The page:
Teens on TikTok Take Credit for Low Turnout at Trump's Tulsa Rally. Here's How They Say They Did It.

The Trump campaign is downplaying the role that teenagers may have played in the debacle.

Was President Donald Trump's Saturday rally in Tulsa, Oklahoma, sabotaged by an army of internet-savvy teenagers? That's who's taking credit for the rally's paltry turnout of 6,200 in an arena that holds 19,000.

Trump appeared forlorn when he returned to the White House — his tie undone and red hat in hand. He was reportedly stunned at the sight of the empty seats. According to a report from The New York Times, he yelled at aides backstage while looking at the endless rows of empty blue seats in the upper bowl of the stadium.

Trump's former communications director Anthony Scaramucci said he wouldn't be surprised if people were fired over the incident. 

"I'm sure people have been yelled at and berated," Scaramucci said. 

Teenagers across the country are now taking credit for the disaster. They did it by reserving large amounts of free tickets, with no intention of actually showing up. The result was a grossly expected audience number. 

Former top Republican strategist Steve Schmidt says even his kids were involved in the efforts.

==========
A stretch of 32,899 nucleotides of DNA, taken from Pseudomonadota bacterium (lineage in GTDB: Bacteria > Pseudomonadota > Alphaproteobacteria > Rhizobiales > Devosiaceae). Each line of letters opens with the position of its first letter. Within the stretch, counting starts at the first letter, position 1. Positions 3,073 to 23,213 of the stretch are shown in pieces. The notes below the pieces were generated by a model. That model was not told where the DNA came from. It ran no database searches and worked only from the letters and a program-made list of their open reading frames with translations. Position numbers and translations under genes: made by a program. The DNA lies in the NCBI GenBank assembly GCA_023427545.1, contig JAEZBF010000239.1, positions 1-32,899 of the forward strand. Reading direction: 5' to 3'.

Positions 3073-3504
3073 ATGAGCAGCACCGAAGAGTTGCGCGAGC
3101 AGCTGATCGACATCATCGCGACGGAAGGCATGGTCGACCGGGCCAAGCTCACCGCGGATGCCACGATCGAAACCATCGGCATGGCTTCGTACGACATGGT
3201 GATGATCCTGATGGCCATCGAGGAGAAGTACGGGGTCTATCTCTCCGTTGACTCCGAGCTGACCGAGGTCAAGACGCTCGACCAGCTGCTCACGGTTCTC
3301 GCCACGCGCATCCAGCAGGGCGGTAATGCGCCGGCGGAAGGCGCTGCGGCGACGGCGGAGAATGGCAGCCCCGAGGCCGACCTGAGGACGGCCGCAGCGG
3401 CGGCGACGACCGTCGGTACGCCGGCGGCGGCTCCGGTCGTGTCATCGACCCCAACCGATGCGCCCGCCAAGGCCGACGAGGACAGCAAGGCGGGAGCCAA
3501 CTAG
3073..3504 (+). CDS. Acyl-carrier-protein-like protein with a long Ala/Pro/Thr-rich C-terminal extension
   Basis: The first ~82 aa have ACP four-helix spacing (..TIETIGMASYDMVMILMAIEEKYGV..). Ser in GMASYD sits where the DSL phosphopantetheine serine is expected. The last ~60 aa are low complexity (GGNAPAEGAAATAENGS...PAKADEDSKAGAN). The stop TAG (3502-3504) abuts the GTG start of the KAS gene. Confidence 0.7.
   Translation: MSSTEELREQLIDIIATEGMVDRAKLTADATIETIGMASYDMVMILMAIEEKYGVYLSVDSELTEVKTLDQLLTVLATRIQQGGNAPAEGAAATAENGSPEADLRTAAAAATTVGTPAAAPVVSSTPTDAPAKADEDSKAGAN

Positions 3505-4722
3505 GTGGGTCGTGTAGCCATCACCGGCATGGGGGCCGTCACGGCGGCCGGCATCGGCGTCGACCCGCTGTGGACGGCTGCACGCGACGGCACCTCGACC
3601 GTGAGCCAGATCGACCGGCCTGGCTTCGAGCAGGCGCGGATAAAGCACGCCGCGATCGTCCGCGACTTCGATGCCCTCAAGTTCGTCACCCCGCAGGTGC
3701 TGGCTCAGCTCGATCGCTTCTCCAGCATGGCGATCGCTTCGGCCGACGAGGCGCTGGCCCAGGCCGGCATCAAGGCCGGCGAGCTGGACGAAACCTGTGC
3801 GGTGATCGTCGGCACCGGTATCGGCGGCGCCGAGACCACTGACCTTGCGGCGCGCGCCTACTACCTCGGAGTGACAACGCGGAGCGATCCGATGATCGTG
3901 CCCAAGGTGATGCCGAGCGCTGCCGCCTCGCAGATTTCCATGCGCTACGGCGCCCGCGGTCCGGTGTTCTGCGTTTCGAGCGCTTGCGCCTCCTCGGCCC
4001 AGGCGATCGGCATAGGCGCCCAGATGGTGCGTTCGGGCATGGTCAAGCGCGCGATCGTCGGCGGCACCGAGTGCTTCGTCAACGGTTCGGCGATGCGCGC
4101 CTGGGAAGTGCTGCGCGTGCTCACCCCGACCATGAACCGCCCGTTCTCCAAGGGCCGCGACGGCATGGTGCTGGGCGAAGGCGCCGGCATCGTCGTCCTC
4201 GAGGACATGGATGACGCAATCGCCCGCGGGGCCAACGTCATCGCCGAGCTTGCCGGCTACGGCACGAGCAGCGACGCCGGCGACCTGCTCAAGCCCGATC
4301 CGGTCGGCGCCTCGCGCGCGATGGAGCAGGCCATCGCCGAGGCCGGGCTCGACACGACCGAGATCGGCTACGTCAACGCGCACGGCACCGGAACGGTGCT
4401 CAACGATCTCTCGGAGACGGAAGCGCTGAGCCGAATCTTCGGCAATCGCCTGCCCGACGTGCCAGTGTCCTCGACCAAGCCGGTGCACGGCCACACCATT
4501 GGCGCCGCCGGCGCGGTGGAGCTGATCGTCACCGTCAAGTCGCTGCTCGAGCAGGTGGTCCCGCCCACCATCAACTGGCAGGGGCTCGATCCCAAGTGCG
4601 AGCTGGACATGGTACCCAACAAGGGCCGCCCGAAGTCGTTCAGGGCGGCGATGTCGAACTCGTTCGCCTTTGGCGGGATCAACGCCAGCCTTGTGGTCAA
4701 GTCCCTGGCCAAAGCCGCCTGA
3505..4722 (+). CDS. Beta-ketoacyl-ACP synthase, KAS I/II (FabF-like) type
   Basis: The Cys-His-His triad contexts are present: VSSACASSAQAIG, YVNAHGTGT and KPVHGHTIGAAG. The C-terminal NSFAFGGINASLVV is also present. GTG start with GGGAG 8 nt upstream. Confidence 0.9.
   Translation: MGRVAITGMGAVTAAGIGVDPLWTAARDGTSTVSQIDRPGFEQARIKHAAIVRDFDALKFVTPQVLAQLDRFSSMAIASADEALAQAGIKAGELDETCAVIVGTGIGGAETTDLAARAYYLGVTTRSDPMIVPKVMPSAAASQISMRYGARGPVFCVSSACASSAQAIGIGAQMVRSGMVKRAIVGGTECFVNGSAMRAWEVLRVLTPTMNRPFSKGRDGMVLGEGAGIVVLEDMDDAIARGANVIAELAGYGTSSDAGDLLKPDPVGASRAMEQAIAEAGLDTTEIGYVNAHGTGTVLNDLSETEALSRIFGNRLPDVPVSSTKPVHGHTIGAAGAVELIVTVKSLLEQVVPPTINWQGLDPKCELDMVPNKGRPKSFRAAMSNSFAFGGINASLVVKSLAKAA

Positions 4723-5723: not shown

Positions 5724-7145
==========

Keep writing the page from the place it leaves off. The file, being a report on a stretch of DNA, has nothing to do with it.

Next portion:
"You have hundreds and hundreds of thousands of kids across America, millions of kids, who are bored, locked down... and they're up to some mischief on their phones, and directing it at Donald Trump," Schmidt said on MSNBC.

"You just got ROCKED by teens on TikTok," New York Congresswoman Alexandria Ocasio Cortez said on Twitter.

The Trump campaign is downplaying the role that teenagers may have played in the debacle.

"The fact is that a week’s worth of the fake news media warning people away from the rally because of COVID and protesters, coupled with recent images of American cities on fire, had a real impact on people bringing their families and children to the rally," said a statement posted to Trump's campaign website.